Home & Garden

Got little trails on your citrus leaves? Blame the leafminers

A citrus leafminer.
A citrus leafminer.

Q: I have little trails all over my lemon leaves. What do I do?

Karen P., San Luis Obispo

A: Leafminers are best identified by what they leave behind — tiny, meandering trails on the undersides of young leaves. These mines are marked by thin dark lines of frass (feces) formed by newly hatched larvae feeding beneath the upper surface of leaf tissue.

Citrus leafminer (Phyllocnistis citrella), a resident of California since 2000, confines itself to citrus trees (oranges, mandarins, lemons, limes, grapefruit) and close releatives such as kumquat and calamondin. Conversely, the serpentine leafminer attacks a variety of flower and vegetable plants such as beans, peas, cole crops, tomatoes, begonia, dahlia, impatiens, petunia and marigolds.

Adult citrus leafminers are tiny, light-colored,  1/4 -inch moths. The adult serpentine leafminer is a small black-and-yellow fly (Liriomyza species). Despite these differences, leafminers share many common traits.

They are most active in spring and summer months when tender new growth is abundant. Hot, inland temperatures tend to suppress populations, while mild coastal climates may extend leafminer seasons. The entire life cycle takes three to seven weeks.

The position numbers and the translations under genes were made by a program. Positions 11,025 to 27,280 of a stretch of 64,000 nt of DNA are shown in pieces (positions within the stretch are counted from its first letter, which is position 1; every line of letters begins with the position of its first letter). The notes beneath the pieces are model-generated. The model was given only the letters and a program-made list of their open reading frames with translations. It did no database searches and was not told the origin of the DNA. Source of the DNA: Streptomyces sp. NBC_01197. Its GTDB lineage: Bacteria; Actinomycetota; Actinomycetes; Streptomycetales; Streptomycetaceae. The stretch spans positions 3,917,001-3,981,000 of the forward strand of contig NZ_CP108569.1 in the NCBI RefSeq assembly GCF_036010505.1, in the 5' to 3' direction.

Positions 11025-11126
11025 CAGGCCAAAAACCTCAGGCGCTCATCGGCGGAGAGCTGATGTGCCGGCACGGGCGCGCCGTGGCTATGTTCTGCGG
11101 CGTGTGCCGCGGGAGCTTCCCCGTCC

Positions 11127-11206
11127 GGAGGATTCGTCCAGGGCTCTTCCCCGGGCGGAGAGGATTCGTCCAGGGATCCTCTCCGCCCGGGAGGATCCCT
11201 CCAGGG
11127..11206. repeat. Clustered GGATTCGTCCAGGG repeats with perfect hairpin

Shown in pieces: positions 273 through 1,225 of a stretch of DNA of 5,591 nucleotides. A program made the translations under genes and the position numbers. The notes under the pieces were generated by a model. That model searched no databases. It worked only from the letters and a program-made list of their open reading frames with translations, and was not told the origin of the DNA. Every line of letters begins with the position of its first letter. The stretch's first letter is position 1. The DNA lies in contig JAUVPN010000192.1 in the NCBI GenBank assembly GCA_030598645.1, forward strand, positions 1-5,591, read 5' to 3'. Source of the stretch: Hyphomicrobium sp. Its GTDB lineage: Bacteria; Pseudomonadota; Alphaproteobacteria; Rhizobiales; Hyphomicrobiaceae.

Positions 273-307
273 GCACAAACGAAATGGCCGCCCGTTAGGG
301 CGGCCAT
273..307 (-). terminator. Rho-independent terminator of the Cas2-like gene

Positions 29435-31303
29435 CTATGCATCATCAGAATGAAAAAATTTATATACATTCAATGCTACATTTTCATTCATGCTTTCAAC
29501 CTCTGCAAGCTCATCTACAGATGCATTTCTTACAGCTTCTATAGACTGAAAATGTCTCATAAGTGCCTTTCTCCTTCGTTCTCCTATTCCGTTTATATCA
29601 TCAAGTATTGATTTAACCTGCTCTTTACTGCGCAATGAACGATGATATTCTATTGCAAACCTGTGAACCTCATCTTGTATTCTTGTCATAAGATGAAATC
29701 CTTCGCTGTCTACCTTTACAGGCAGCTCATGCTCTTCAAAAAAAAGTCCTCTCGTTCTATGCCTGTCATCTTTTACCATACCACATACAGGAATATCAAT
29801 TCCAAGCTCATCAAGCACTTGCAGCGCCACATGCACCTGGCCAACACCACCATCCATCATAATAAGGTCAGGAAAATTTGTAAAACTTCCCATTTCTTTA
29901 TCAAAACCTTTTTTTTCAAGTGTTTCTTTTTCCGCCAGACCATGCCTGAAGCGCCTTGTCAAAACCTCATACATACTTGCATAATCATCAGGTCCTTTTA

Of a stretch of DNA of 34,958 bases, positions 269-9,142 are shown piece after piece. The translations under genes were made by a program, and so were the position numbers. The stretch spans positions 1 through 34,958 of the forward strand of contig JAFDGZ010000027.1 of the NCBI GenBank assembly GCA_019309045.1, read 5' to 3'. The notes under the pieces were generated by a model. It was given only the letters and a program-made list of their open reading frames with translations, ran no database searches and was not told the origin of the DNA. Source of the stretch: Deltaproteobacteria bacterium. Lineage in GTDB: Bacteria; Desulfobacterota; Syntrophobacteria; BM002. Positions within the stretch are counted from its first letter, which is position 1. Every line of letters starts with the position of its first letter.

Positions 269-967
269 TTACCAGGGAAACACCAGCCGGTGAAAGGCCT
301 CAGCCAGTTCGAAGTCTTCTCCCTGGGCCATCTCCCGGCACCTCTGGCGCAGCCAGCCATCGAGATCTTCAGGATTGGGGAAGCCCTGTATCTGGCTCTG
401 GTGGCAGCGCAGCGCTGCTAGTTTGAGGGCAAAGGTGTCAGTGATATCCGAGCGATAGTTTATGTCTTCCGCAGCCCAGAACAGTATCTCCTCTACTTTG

Adults lay eggs on the underside of leaves. Eggs hatch after one week; larvae emerge and begin to feed just beneath the surface cells of leaf tissue, creating the telltale mines. Larvae molt, exit the mines and roll the edge of the leaf. Within this curled leaf, larvae develop into pupae and emerge as adult moths.

Although leaf damage is unsightly, leafminers rarely threaten crops or overall plant health. Damage tends to be greatest on young trees, but will gradually decline as natural enemies become established.

Insecticides are not recommended for leafminers. Young citrus trees may be the exception. Insecticides may be applied to new foliage when adult moths are present and laying eggs. Timing is important because chemicals are ineffective if applied when mining larvae are protected within leaf tissue.

Manage leafminer populations the first couple of years until the trees have sufficient leaf growth and are able to withstand pest damage. Other control strategies include removing water sprouts from trees to reduce leaf sites for leafminers to lay eggs and feed on. Also avoid applying leaf-stimulating nitrogen fertilizer when leafminer populations are high.

Always inspect plants for pests and disease before purchasing and planting.

Leslie E. Stevens is a UCCE Master Gardener.

Got a gardening question?

In San Luis Obispo call 781-5939, Arroyo Grande, 473-7190 and Templeton, 434-4105. Visit us at http://ucanr.org/sites/mgslo/ or email us at anrmgslo@ucanr.edu. Follow us on Instagram at slo_mgs and like us on Facebook. Informative garden workshops are held the third Saturday of every month, 10 a.m. to noon at 2156 Sierra Way, San Luis Obispo. Garden docents are available after the workshop until 1 p.m. To request a tour of the garden, call 781-5939.

  Comments